faculty, using the model of the surgical team, in developing technology-based
            instructional materials and instructionally-related activities. Such
            professionals could include:
            o Instructional design specialists
            o Web programmers
            o Software/Web site usability analysts
            o Assessment specialists
            o Library resource specialists

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            o Instructional media specialists

           Faculty released time for course conversion and redevelopment.
           Improvement of the instructional infrastructure of the campus. Network
            infrastructure and baseline hardware have been addressed in other
            initiatives. This item refers to the following:
            o Renovation of classroom facilities to accommodate new academic
              technologies for instruction
            o Establishment of support facilities to house the instructional development
              professionals identified above

   2. AY2001-02 activities to prepare for campus funding.
        Under the best possible circumstances, the campus-funding element could not be
        available until July 2002. To prepare for that eventuality, funds already available
        to the Divisions of Academic Affairs and Information Technology Services
        would be used for three conferences during the academic year 2001-02.
           Fall 2001: Joint meeting of ATAC, the ITL Advisory Board, and the Faculty
            Development Directors to plan a subsequent meeting of campus academic
            technology teams to develop a vision of how technology will impact the
            delivery and organizational support of instruction over the next five years.
           Early Spring 2002: Meeting of campus academic technology teams to develop
            the vision of academic technology referred to above and to begin assessing
            the readiness of their campuses to develop and implement an academic
            technology strategic plan. Campus team members would likely include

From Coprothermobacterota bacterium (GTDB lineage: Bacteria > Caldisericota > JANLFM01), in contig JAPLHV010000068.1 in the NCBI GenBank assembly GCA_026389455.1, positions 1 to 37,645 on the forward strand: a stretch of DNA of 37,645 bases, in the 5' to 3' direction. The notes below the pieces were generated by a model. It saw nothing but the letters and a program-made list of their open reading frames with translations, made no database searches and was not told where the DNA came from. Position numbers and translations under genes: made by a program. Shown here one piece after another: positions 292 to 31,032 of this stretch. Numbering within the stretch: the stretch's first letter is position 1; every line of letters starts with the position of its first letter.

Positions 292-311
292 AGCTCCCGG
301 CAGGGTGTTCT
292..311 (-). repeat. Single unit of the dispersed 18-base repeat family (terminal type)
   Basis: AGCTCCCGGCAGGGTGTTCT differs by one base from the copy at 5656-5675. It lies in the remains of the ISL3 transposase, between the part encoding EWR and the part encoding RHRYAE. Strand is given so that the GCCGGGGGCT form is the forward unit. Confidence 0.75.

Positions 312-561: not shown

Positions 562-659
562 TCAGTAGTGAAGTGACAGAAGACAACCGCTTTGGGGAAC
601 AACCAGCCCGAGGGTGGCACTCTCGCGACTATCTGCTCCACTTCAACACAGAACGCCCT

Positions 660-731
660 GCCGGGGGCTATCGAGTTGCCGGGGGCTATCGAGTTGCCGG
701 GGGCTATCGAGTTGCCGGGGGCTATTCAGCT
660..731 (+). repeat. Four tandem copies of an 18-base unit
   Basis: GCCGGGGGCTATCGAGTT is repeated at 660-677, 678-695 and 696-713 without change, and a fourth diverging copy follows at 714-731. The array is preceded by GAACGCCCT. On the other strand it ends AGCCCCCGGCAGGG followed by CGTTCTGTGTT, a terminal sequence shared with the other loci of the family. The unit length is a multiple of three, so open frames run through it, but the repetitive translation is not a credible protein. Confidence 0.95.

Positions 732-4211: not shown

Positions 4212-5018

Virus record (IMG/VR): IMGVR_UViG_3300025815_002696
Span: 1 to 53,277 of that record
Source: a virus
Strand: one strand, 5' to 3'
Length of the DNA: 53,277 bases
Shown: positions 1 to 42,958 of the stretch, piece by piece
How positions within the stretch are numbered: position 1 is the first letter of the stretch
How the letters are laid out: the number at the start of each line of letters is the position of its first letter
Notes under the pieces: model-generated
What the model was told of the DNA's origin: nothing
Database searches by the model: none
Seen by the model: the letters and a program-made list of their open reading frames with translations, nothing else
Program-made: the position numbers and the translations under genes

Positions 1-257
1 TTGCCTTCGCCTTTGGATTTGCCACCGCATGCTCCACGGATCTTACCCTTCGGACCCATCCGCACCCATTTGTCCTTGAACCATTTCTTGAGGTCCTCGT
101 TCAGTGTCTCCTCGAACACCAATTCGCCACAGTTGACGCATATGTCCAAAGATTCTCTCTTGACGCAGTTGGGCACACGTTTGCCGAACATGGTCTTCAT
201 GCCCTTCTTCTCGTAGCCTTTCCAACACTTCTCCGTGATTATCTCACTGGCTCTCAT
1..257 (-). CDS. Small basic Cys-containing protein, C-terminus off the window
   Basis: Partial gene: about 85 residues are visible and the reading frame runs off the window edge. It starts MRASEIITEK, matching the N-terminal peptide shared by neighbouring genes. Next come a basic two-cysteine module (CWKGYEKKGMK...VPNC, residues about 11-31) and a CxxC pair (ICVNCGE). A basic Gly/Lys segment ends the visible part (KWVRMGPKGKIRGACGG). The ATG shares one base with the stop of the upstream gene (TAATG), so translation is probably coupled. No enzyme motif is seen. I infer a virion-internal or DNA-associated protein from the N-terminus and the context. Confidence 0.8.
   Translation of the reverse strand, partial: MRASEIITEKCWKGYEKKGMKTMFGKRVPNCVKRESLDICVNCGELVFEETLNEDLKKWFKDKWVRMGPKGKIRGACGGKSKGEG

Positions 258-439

faculty, librarians, faculty development directors, academic computing
            directors or CIOs, facilities managers, and academic administrators.
           Late Spring 2002: A second meeting of campus academic technology teams to
            begin developing a campus academic technology strategic plan aligned with
            the vision for academic technology developed in the prior meeting.
        It is expected that each campus will have prepared an academic technology
        strategic plan that has achieved consensus through the normal campus
        consultative process prior to receiving faculty professional development funding.

   3. Research into how academic technology impacts student learning.
        Current studies of the effectiveness of academic technology show mixed results.
        While they tend to support the notion that students learn no worse with
        technology, there is no consistent indication that they learn better. More research

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        is clearly needed if new technologies are to be used wisely and effectively.
        Specifically, the following tasks could be funded:
           An on-going environmental scan of new developments in the application of
            academic technology in higher education including the evaluation of new
            alternatives in hardware, software, and pedagogy for dissemination to
           Assessment of campus-based and systemwide projects in academic
            technology for dissemination to campuses.
           New research into the appropriate uses of academic technology, their impact
            upon student learning, and the costs associated with technology alternatives.
            For example, a better understanding of the so-called “digital divide” is
            needed in order to maintain the CSU’s commitment to equity in student

Project Outcomes and Measures of Success
In the broadest terms, this project is expected to improve the quality of teaching and
learning in the CSU and to expand student access by providing new instructional
opportunities. When measured against the operating costs of traditional instruction, the
use of academic technology is clearly more expensive. However, when these costs are
adjusted to include the cost of classrooms, laboratories, and other physical facilities
necessary to accommodate the projected growth in enrollments in the CSU over the
next ten years, the use of academic technology, where appropriate to the curricula, may
be quite reasonable.

A better sense of outcomes and the ways in which they can be effectively measured will
need to be articulated early in the initial year of the project.